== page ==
International Journal of Photoenergy

International Journal of Photoenergy / 2014 / Article

Research Article | Open Access

Volume 2014 |Article ID 807159 | 10 pages | https://doi.org/10.1155/2014/807159

Innovative Solar Tracking Concept by Rotating Prism Array

Academic Editor: Mahmoud M. El-Nahass
Received09 Feb 2014
Revised25 Jun 2014
Accepted26 Jun 2014
Published20 Aug 2014

Abstract

Solar energy has become one of the most promising renewable energies and is the most widely used nowadays. In order to achieve an optimum performance, both photovoltaic and solar thermal applications are required to track the position of the sun throughout the day and year in the most effective way possible to avoid a high negative impact on the system efficiency. The present paper attempts to describe a novel semipassive solar tracking concentrator (SPSTC) in which, in order to track the sun, two independent arrays of polymethyl methacrylate (PMMA) prisms are implemented to refract sunlight by rotating said prisms, thus being able to redirect solar radiation as desired. The first set is responsible for eliminating one of the directional components of the solar radiation; the task is achieved by rotating the prisms within the array at a specific angle. The second set deals with another of the sunlight’s directional components, transforming its direction into a completely perpendicular pattern to the array. Having downward vertical radiation makes it possible to implement a stationary Fresnel lens to concentrate the solar radiation for any application desired. The system is designed and validated using simulation software to prove the feasibility of the concept.

1. Introduction

Most research efforts on solar energy have focused on photovoltaic (PV) cells development, which generate electricity when a molecular chain reaction that is triggered by a solar energy flux occurs on a thin layer of silicon or germanium based compound. However, commercial PV cells have only achieved an efficiency of 15% to 20% so far [1], while high concentration photovoltaic (HCPV) cells have efficiency slightly above 40% [2].

Another research line explores the use of solar thermal energy (STE), in which case two main issues must be overcome. Firstly, solar radiation must be concentrated for high temperature applications; this is due the low density nature of such energy. Secondly, for most solar concentrators, solar rays must fall perpendicular to the concentrator at all times. Therefore, a solar tracking concentrator (STC) must be used. These requirements also apply to HCPV.

This work was carried on to explore the feasibility of a STC using a semipassive solar tracking device consisting in two arrays of prisms, a Fresnel lens, and a receiver. The arrays track the position of the sun and bend the sun light toward the Fresnel lens, which, as the concentration spot, remains fixed. The STC can be used in either HCPV or concentrated solar power (CSP) applications.

1.1. Solar Concentration and Tracking

There are two types of solar concentration; they are linear and spot concentrations. Linear or 2D concentration refers to an area being concentrated to a line and 3D concentration refers to an area being concentrated to a spot. 3D concentration achieves the highest practical concentration level. Solar irradiance intensity varies depending on geographical location, season of the year, weather conditions, and time of day. Liu and Jordan model [3] was used to describe solar irradiance of Monterrey, Mexico (with a latitude of 25°40′ N), from where it can be seen that the highest irradiance intensities are between 9:00 hours and 15:00 hours; consequently the semipassive solar tracking concentrator (SPSTC) is designed to work during that period of time.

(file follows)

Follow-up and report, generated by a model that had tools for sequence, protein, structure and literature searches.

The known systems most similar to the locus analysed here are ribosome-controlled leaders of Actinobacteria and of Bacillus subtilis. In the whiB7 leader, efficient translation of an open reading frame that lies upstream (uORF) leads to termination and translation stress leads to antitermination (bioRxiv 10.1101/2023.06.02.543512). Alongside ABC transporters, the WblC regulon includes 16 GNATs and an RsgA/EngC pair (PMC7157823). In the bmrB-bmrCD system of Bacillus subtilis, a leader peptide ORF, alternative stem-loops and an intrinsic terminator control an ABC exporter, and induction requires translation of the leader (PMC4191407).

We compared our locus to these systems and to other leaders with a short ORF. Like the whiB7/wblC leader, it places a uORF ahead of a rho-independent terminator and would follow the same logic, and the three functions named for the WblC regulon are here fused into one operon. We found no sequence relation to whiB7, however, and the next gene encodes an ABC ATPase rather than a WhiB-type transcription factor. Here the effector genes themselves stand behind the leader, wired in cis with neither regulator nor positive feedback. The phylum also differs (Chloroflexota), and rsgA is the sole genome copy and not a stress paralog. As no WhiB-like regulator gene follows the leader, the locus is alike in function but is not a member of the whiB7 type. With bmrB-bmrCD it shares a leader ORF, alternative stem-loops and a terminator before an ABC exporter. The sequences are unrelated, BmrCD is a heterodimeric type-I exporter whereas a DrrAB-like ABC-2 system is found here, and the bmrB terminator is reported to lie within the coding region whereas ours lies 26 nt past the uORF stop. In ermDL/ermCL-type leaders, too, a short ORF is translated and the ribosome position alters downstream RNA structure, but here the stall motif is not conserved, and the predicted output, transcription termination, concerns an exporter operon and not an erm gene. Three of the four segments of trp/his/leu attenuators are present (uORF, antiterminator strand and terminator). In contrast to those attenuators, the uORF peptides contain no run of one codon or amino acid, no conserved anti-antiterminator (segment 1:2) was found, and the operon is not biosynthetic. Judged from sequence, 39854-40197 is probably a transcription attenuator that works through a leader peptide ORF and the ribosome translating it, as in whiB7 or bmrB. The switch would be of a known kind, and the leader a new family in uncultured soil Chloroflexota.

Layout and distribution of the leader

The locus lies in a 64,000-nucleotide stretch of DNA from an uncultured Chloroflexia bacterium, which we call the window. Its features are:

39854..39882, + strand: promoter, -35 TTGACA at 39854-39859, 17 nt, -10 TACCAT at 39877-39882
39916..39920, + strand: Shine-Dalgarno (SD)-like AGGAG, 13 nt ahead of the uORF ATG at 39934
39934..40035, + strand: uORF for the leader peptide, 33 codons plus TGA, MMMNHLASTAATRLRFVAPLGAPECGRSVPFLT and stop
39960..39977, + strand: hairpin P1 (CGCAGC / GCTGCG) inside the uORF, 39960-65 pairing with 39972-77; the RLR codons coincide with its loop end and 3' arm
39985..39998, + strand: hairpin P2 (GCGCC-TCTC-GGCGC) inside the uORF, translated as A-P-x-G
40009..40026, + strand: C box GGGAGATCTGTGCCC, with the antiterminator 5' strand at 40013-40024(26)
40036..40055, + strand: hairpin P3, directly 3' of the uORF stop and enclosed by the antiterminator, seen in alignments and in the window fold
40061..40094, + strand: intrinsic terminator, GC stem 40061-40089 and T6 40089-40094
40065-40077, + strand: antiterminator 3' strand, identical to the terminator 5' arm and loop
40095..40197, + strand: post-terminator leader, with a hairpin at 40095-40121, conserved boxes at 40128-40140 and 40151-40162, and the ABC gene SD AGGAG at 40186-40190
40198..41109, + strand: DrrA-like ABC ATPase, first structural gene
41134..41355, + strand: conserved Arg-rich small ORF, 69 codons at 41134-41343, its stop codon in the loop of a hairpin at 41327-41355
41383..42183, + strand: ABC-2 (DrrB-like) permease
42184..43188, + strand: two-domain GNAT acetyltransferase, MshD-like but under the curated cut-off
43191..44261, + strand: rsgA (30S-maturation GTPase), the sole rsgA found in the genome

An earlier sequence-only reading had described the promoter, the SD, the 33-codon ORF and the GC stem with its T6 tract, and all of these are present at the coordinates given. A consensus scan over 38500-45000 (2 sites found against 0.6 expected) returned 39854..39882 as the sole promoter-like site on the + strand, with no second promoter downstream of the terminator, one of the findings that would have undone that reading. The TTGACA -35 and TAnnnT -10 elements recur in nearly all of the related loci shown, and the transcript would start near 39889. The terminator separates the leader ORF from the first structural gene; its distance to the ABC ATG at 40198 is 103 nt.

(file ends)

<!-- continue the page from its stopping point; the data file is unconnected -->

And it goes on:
A wide variety of STC exists which mainly use Fresnel lenses, parabolic mirrors, unconventional geometries, and even lenses with variable optical properties [411]. In this paper, a SPSTC that reduces the mechanical effort for sun tracking is presented. It diminishes the system’s energy consumption and complexity, therefore reducing system’s costs. It consists of a couple of PMMA prism arrays that track the sun’s rays and a fixed Fresnel lens that concentrates them.

1.2. Solar Angles

The sun’s movement throughout the sky may be described by two angles: altitude and azimuth. The first one is the vertical angle the sun makes with the ground plane, having only the following possible values: . Conventionally, the azimuth is the horizontal angle between the sun and earth’s north, but for practical purposes in this study it has been defined using the south as reference being positive in direction toward east (according to the right hand rule): as shown in Figure 1.

The angles depend not only on the time of the day, but on the time of the year as well (see Figure 2), analogous to the irradiance variations. The solar angles are a function of the latitude and can be calculated according to established models [12]. The objective of knowing the solar position is to validate our system in actual possible values of solar angles.

2. Semipassive Solar Tracking Concentrator (SPSTC)

The SPSTC is an optic system that concentrates solar radiation with minimal movement requirements while harvesting the maximum possible energy in a certain area. It has two layers of PMMA prisms that redirect the received solar rays in a constant vertical direction toward a Fresnel lens.

Even though the system still requires moving components, it represents an improvement in comparison to conventional tracking and concentrating systems: (i) lower installation and maintenance; (ii) the required mechanism for the tracking is simplified because the only moving components in the system are lightweight prisms, which can be rotated using a single linear actuator for each array, in contrast to more complex structures whose motion implies carrying large weights; (iii) the Fresnel lens, which is the concentrating part of the system, remains in a fixed position; (iv) consequently the receiver does not need to be repositioned; and (v) finally, the wind loads are reduced, since the gap between each prism allows the air to flow freely.

2.1. Prism Arrays